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July 18, 2011

Dabbling with Support

John P. Hussman, Ph.D.
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Very little change in market conditions this week; stock valuations imply expected 10-year S&P 500 total returns of about 3.8% annually, based on our standard estimation methodology, market action remains mixed, and advisory bearishness remains too low for comfort in the context of current valuations. The overall set of conditions implies a slightly negative expected return/risk profile for stocks, which would turn sharply negative on a broad decline much below about 1280 on the S&P 500 (particularly if that sort of decline had broad participation from industries, sectors, and security types). By contrast, a further pullback toward that level, sufficient to generate oversold conditions and more bearish sentiment, but not much deeper and not coupled with broad further deterioration in market internals, might be associated with a brief improvement in the expected return/risk profile.

The overall market picture continues to have the look of a broad topping process, in which it's very common to see the market confined to a trading range of about 5-7% for 6-8 months. Still, our investment position isn't driven by the expectation of an oncoming bear market, and we'll remain flexible to changes in the ensemble of market conditions. Near-term, tests of widely-recognized "support" are often met by a bout of short-covering, similar to what we observed two weeks ago. Given the moderate improvement in market internals produced by that rally, a retest of those lows that isn't overly hostile to market internals might provide some latitude for modest market exposure. Suffice it to say that constructive opportunities are likely to be limited, moderate, but not impossible to achieve, and the downside risks below roughly 1280 on the S&P 500 (about where the popular 200-day moving average is running these days) could be fairly violent if internals weaken again.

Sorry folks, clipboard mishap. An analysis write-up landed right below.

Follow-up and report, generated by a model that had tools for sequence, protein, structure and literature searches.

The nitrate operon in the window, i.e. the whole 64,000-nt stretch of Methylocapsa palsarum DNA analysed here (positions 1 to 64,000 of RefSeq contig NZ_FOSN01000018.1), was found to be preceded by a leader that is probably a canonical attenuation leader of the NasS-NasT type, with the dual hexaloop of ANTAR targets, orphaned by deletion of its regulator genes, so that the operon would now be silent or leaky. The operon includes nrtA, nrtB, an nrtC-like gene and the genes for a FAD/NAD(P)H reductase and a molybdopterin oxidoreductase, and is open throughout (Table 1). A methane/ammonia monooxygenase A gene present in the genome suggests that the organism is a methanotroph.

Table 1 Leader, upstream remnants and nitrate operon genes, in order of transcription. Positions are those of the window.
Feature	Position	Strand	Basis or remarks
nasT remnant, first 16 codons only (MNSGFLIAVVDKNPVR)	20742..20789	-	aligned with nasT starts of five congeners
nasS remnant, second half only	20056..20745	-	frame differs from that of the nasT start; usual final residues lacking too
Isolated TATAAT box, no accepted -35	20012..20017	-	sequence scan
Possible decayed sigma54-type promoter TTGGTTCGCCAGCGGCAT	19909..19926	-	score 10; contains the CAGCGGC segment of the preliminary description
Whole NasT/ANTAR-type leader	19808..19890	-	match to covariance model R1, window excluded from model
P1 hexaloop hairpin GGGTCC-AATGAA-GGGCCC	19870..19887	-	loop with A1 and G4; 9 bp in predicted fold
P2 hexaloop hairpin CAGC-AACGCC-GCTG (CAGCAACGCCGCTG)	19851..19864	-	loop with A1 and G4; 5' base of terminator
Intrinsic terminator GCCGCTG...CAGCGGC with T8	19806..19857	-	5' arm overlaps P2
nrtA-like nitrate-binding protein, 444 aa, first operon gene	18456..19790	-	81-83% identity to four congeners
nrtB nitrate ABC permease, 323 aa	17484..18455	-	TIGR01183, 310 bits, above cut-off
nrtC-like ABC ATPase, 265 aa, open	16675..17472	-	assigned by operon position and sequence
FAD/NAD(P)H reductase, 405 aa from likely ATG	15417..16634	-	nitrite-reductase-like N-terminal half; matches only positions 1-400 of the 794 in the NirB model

In Strategic Growth and Strategic International Equity, we're well defended against the impact of general market fluctuations, but continue to be open to moderate exposure if only the average expected return profile implied by the full ensemble of market conditions would peek above zero.

In bonds, conditions are similar in that long-term expected returns (which in this case can be directly observed as yield-to-maturity) remain poor, while near term returns rely on a further flight to safety on debt concerns of other countries, but not our own. Per unit of risk, the present ensemble of conditions is far more sympathetic to accepting exposure in precious metals shares. In the Strategic Total Return Fund, we continue to carry a duration of about 2.5 years, mostly in near- and intermediate-term Treasury securities, with the bulk of the Fund's day-to-day fluctuations driven by our position in precious metals shares, at just under 20% of assets.

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